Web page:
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Category — Bees

That’s billion, with a bee: Measuring the massive cost of hive collapse

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Click on image for larger file.

Right now, the honey bee adds more than $15 billion to the U.S. economy alone

By Amy Tennery
Reuters
May 19, 2015

Excerpt:

The makers of insecticides containing neonics, Bayer and Syngenta chief among them, have a lot to lose if regulatory bodies end up siding with the environmentalists. More than 90 percent of the corn in the U.S. is treated with neonics, according to this release from Bayer. To put this in perspective, last year the USDA estimated that around 91.6 million acres of corn were planted in the United States. That’s a lot of neonic’d corn.

So what happens if — or when — we run out of honey bees?

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May 29, 2015   No Comments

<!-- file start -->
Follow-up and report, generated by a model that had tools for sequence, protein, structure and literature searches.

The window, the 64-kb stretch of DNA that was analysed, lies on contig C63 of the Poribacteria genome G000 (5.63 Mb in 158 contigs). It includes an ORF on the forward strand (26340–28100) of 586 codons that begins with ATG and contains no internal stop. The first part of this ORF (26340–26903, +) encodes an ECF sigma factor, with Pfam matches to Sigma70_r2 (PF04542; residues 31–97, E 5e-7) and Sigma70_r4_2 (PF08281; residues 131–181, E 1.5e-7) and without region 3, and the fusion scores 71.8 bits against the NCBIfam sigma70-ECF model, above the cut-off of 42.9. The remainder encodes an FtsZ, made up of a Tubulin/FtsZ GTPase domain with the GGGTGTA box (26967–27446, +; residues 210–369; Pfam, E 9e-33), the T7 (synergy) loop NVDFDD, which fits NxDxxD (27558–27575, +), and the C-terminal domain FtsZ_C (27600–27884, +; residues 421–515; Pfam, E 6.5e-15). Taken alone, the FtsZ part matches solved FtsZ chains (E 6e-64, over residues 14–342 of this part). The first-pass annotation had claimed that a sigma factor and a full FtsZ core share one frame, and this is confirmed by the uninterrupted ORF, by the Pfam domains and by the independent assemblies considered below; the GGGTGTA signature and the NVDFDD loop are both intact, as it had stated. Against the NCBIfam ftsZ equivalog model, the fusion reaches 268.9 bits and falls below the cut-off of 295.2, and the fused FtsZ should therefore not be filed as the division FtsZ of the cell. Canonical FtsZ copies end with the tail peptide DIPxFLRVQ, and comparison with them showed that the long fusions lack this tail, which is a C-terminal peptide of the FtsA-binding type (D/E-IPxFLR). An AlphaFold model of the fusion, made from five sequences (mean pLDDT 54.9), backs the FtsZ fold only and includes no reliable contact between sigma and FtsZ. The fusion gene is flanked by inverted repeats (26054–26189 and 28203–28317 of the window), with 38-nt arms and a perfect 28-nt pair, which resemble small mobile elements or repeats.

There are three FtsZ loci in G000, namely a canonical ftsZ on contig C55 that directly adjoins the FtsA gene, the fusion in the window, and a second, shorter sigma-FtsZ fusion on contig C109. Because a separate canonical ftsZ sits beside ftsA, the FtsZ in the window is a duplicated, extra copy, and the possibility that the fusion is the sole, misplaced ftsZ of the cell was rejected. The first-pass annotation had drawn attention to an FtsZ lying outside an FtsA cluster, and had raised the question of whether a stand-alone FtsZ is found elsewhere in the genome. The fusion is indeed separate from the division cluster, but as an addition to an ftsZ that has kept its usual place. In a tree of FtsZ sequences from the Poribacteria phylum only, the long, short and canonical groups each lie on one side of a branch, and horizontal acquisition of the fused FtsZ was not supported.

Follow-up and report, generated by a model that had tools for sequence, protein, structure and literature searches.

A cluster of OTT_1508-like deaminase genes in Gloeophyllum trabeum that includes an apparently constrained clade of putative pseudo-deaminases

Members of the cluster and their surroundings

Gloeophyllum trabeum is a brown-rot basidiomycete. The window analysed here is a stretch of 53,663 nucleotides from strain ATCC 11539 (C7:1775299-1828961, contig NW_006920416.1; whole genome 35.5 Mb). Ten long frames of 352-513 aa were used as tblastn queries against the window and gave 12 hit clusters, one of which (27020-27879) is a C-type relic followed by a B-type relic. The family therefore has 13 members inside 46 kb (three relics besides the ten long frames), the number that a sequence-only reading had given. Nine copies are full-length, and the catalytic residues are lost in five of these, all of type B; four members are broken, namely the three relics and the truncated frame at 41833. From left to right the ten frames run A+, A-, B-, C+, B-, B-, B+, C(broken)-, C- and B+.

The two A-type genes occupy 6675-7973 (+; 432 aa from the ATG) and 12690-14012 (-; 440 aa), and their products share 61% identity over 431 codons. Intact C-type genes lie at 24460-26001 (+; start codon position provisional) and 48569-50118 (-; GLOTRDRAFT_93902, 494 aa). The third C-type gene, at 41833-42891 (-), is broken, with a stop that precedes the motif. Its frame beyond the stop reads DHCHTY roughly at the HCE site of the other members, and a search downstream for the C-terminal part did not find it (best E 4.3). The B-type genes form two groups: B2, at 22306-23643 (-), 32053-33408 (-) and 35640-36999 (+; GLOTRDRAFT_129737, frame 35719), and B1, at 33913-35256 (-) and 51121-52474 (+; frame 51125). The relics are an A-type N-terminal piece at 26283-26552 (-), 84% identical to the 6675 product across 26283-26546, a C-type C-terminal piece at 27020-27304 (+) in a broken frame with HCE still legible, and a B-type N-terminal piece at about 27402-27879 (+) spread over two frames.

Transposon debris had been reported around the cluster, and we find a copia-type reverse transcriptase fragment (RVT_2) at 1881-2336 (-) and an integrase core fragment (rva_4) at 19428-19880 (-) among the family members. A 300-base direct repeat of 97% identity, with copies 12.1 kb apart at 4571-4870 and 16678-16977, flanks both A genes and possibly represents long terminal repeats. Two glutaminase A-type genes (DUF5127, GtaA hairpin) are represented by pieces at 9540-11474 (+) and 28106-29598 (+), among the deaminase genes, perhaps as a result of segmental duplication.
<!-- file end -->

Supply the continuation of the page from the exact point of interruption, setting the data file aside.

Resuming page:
Iowa urban beekeepers key to growing pollinators populations

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Honey bees bumble around their nest after Des Moines beekeeper Julia McGuire pulls it out of one of the many urban bee hives which she manages on Thursday, May 14, 2015. (Photo: Bryon Houlgrave/The Register)

Iowa beekeepers lost 61 percent of their colonies in 2014-15, among hardest hit in USA

By Donnelle Eller
The Des Moines Register
May 16, 2015

Excerpt:

It’s backyard beekeepers such as Lens and Julia McGuire, with two, three or four hives, who are boosting the state’s overall pollinator population, and helping to offset devastating annual losses.

A national report last week showed Iowa bee colonies were among the hardest hit in the nation. Iowa beekeepers lost 61 percent of their colonies in 2014-15.

It was the fourth-highest loss in the nation — behind Oklahoma, Illinois, Pennsylvania and Maine, the U.S. Department of Agriculture reported.

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May 23, 2015   No Comments

Urban beekeeping gets nod from Edmonton council

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‘Honeybees are interested in nectar, pollen and that’s about it’

CBC News
Apr 28, 2015

Excerpt:

“The city, in the end, was very receptive to it,” Hamilton said. “They were ready for that conversation. Urban agriculture is a hot topic right now.”